How did they all get to their destinations, considering the state of the roads at the time, which predated the turnpikes? Most, presumably, on horseback or on foot, as wheeled vehicles were very rare on the lesser roads of Devon until about 1800. Marshall writing in 1796 in The Rural Economy of the West of England tells us "The roads of West Devon are at the present time, remarkable for their steepness. Less than half a century ago, they were mere gullies." He continues "Speaking with little if any latitude, there was not then a wheeled carriage in the district......" However even in 1669 it was possible to go by coach between Okehampton and Exeter. (Travels of Cosmos III, Grand Duke of Tuscany, England. I.Magalotti, 1669, Chope, 1918). Magolotti accompanied Cosmos from Italy to London. "...on the 6th (of April ) we departed from Okehampton after dinner, and arrived in the evening in Exeter, going by the direct road till we passed Crediton." This route would have taken them through North Tawton Parish, so it is possible but unlikely, that those signing at the Castle, Exeter (20 miles each way) did so by wheeled vehicle. Of the nine who went to Exeter, (excluding the Quakers) all were well off. Perhaps they stayed the night, particularly the ladies, because of the distance from home.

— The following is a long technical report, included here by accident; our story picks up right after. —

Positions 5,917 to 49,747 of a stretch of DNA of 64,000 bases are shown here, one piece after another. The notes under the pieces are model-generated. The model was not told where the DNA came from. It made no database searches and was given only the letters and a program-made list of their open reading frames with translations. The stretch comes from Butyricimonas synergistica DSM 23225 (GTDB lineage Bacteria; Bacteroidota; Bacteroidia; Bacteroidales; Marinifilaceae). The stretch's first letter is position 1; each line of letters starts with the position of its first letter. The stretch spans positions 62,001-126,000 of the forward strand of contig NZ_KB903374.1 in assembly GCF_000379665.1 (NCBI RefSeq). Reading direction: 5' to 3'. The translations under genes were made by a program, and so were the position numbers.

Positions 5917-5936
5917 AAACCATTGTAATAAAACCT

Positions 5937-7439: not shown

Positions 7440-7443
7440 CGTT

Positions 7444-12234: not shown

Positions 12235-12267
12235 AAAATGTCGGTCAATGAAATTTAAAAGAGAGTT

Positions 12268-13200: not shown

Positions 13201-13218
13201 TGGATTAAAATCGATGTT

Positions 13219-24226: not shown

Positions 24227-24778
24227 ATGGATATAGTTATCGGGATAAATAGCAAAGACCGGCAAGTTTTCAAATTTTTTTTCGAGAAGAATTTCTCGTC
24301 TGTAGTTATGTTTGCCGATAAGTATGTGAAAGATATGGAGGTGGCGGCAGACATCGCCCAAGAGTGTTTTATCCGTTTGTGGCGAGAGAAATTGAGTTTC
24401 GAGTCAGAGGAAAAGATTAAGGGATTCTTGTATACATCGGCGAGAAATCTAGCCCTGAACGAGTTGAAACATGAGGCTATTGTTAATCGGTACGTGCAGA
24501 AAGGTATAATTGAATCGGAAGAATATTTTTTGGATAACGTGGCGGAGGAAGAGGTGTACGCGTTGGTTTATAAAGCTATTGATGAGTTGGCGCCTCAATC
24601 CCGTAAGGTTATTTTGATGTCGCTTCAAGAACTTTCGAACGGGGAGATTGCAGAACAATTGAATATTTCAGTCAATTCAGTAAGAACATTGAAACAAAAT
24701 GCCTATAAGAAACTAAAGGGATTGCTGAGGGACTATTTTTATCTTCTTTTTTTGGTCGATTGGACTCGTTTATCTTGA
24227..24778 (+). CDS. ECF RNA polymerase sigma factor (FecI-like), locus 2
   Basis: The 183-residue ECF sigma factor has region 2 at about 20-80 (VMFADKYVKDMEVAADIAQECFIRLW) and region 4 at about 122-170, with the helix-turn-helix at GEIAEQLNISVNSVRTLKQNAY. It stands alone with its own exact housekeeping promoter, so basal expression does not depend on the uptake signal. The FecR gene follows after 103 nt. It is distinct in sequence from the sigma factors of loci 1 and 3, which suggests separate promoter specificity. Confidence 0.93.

Many of the oath-takers were tradesmen and yeoman farmers or married to such, and would have had access to a horse or horses for their trade, or in some cases had the money to hire one. Many women rode on horseback in times gone by. Presumably they rode side saddle but whether solo or pillion, perhaps behind a groom, there is no information. Many years later a farmer's wife in the district left in her will dated 1814 ".....also to my daughter Joanna I do give my side saddle and pillion" (DHC, Inland Revenue will of Elizabeth May). So it would appear that some may have had one horse between two which would of course have slowed up the journey. It might have been expected that the poorer people would have gone to Hatherleigh, as it was well within walking distance, but this was not so. All those who went either to The George or to the Magistrate's house, except one, were well off and would almost certainly have ridden.
Of those classified as poor (see below) all but one signed at Chulmleigh, a 20 mile round trip, calling into question whether they have been correctly identified. Perhaps, as two thirds went to Chulmleigh on the same day, it was a kind of communal "day out" and some walked in spite of the distance.